Cerebral autosomal dominant arteriopathy, subcortical infarcts, and leukoencephalopathy (CADASIL) is the most common monogenic form of small vessel disease characterized by migraine with aura, leukoaraiosis, strokes, and dementia. CADASIL mutations cause cerebrovascular dysfunction in both animal models and humans. Here, we showed that 2 different human CADASIL mutations (Notch3 R90C or R169C) worsen ischemic stroke outcomes in transgenic mice; this was explained by the higher blood flow threshold to maintain tissue viability compared with that in wild type (WT) mice. Both mutants developed larger infarcts and worse neurological deficits compared with WT mice, regardless of age or sex after filament middle cerebral artery occlusion. However, full-field laser speckle flowmetry during distal middle cerebral artery occlusion showed comparable perfusion deficits in mutants and their respective WT controls. Circle of Willis anatomy and pial collateralization also did not differ among the genotypes. In contrast, mutants had a higher cerebral blood flow threshold, below which infarction ensued, suggesting increased sensitivity of brain tissue to ischemia. Electrophysiological recordings revealed a 1.5- to 2-fold higher frequency of peri-infarct spreading depolarizations in CADASIL mutants. Higher extracellular K+ elevations during spreading depolarizations in the mutants implicated a defect in extracellular K+ clearance. Altogether, these data reveal a mechanism of enhanced vulnerability to ischemic injury linked to abnormal extracellular ion homeostasis and susceptibility to ischemic depolarizations in CADASIL.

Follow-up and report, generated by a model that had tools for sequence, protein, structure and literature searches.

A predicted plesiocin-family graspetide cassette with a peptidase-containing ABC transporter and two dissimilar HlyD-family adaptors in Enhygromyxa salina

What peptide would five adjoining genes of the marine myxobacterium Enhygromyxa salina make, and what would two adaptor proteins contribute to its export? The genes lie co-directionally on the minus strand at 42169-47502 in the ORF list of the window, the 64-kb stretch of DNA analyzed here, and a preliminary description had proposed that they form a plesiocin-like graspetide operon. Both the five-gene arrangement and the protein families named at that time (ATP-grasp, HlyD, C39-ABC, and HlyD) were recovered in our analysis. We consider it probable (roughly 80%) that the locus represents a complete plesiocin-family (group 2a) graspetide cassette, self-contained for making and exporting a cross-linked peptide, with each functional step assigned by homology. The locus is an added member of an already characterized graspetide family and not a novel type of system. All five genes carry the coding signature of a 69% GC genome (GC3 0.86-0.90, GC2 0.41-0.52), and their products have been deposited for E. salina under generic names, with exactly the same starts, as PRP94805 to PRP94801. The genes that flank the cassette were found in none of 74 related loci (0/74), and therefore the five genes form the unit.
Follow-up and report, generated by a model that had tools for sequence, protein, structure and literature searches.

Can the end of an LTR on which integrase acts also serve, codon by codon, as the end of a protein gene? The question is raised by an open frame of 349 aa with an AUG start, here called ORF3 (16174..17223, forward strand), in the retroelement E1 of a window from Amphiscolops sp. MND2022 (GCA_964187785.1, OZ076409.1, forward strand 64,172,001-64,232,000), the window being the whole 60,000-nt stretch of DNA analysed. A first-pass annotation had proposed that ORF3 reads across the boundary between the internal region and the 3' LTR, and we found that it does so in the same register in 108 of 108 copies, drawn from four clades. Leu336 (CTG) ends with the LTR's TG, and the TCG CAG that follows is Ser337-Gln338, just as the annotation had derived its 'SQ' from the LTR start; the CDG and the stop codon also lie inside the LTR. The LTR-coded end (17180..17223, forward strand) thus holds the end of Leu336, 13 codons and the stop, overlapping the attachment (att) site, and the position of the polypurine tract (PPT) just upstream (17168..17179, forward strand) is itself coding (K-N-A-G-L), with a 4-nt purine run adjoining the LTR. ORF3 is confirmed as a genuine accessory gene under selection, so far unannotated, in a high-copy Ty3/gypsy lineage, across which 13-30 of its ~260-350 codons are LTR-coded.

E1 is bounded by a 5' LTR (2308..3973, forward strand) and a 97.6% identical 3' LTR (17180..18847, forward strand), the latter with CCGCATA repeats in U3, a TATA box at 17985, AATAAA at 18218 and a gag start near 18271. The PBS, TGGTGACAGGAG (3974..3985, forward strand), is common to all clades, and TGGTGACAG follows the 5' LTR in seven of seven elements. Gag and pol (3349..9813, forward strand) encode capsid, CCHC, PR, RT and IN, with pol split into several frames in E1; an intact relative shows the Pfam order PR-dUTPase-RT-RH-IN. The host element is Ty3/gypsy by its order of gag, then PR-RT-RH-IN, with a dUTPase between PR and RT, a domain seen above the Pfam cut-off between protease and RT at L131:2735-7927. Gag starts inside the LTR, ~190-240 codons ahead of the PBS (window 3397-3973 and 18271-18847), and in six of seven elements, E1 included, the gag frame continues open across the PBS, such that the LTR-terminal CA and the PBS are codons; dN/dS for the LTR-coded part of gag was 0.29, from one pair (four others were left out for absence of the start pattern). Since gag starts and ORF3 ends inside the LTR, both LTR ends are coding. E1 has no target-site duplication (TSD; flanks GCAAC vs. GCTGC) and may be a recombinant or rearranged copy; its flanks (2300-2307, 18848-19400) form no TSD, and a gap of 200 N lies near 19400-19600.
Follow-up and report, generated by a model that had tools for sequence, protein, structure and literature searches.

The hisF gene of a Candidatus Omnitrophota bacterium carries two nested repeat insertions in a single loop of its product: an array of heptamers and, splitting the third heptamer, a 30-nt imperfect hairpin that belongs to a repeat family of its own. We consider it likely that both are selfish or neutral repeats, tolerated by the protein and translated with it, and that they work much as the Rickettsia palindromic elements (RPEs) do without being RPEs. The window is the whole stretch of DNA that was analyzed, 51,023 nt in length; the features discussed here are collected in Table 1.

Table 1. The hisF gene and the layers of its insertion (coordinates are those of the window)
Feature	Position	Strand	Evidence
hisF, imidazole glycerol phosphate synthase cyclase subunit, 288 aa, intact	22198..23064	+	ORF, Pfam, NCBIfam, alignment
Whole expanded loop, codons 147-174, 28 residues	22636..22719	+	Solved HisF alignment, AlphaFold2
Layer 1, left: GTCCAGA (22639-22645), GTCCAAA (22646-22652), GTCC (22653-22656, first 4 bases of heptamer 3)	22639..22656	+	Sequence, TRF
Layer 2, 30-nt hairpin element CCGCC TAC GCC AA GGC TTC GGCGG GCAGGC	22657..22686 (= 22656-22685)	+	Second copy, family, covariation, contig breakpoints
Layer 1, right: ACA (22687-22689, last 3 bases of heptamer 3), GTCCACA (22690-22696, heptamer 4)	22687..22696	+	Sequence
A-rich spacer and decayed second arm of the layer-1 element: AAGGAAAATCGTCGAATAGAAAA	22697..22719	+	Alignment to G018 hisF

Keywords: Microcirculation; Neuroscience; Potassium channels; Stroke.